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Pediatr Pulmonol. 2008 Nov;43(11):1085-1091. doi: 10.1002/ppul.20905.

Measurement of maximal inspiratory pressure in ventilated children.

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Division of Asthma, Allergy and Lung Biology, King's College London, London, UK.
Department of Child Health, King's College London School of Medicine at Guy's, King's College and St Thomas' Hospitals, London, UK.
Department of Respiratory Medicine, London, UK.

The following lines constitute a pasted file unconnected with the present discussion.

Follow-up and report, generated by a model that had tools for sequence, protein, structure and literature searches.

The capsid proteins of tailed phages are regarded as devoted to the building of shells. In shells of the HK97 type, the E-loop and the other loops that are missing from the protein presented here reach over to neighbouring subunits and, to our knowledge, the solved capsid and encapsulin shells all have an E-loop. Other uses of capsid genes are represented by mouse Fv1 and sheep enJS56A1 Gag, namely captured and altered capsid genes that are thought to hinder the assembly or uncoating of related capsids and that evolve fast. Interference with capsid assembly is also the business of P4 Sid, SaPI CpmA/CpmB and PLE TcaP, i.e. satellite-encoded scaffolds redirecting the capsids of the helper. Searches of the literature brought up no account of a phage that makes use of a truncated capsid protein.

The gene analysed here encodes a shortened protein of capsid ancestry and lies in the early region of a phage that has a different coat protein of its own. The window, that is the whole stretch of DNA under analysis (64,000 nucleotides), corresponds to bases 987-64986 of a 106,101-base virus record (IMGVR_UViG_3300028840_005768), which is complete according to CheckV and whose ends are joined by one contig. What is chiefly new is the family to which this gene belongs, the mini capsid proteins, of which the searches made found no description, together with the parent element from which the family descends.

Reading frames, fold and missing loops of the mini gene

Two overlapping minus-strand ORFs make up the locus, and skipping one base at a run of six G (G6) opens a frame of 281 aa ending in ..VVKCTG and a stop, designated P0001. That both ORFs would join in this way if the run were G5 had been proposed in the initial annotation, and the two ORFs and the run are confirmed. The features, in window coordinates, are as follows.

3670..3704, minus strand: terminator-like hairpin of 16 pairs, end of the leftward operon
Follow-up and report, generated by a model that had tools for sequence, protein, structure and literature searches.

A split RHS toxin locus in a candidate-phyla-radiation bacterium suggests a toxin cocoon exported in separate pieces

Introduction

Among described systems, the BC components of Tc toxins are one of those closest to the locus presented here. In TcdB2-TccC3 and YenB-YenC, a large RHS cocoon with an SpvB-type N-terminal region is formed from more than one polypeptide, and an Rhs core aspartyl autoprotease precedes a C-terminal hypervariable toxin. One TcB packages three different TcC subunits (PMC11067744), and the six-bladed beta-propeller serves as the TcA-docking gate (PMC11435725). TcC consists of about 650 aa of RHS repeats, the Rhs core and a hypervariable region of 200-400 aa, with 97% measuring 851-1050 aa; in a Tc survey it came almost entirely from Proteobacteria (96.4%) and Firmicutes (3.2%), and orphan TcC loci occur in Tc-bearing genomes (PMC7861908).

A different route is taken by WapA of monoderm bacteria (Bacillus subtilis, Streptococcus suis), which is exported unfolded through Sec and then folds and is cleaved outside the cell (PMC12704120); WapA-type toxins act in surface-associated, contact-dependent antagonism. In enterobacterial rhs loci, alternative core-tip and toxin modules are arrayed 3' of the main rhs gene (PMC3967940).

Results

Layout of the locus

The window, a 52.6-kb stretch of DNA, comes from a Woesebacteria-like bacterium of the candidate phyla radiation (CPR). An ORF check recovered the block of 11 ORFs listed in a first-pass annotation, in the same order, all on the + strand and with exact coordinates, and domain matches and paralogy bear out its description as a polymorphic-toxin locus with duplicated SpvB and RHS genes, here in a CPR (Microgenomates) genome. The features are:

Maximal inspiratory pressure (PIMAX), the maximum negative pressure generated during temporary occlusion of the airway, is commonly used to measure inspiratory muscle strength in mechanically ventilated infants and children. There are, however, no guidelines as to how the PIMAX measurement should be made. We compared the maximum inspiratory pressure generated during airway occlusion (PIMAX(OCC)) to that when a unidirectional valve (PIMAX(UNI)), which allowed expiration, but not inspiration was used. Twenty-two mechanically ventilated children (mean (SD) age 4.8 (4.5) years) were studied. Three sets of end expiratory occlusions were performed for each method in random order. The expired volume during PIMAX(UNI) was assessed and related to the functional residual capacity (FRC) measured using a helium dilution technique.The mean (SD) PIMAX(UNI) (45.5 (15.2) cmH(2)O) was significantly greater than mean (SD) PIMAX(OCC) (30.9 (9.0) cmH(2)O) (P < 0.0001). The mean (SD) expired volume during PIMAX(UNI), was 98 ml (62.3), a mean reduction in FRC of 33.1% (SD 13.9). There were no significant differences between techniques in the baseline respiratory drive, the number of efforts required and the time to reach PIMAX. Regardless of technique, PIMAX was reached in 10 inspiratory efforts or 15 sec of airway occlusion.A unidirectional valve allowing expiration, but not inspiration yields greater PIMAX values in children. Occlusions should be maintained for 12 sec or eight breaths (99% CI of mean).

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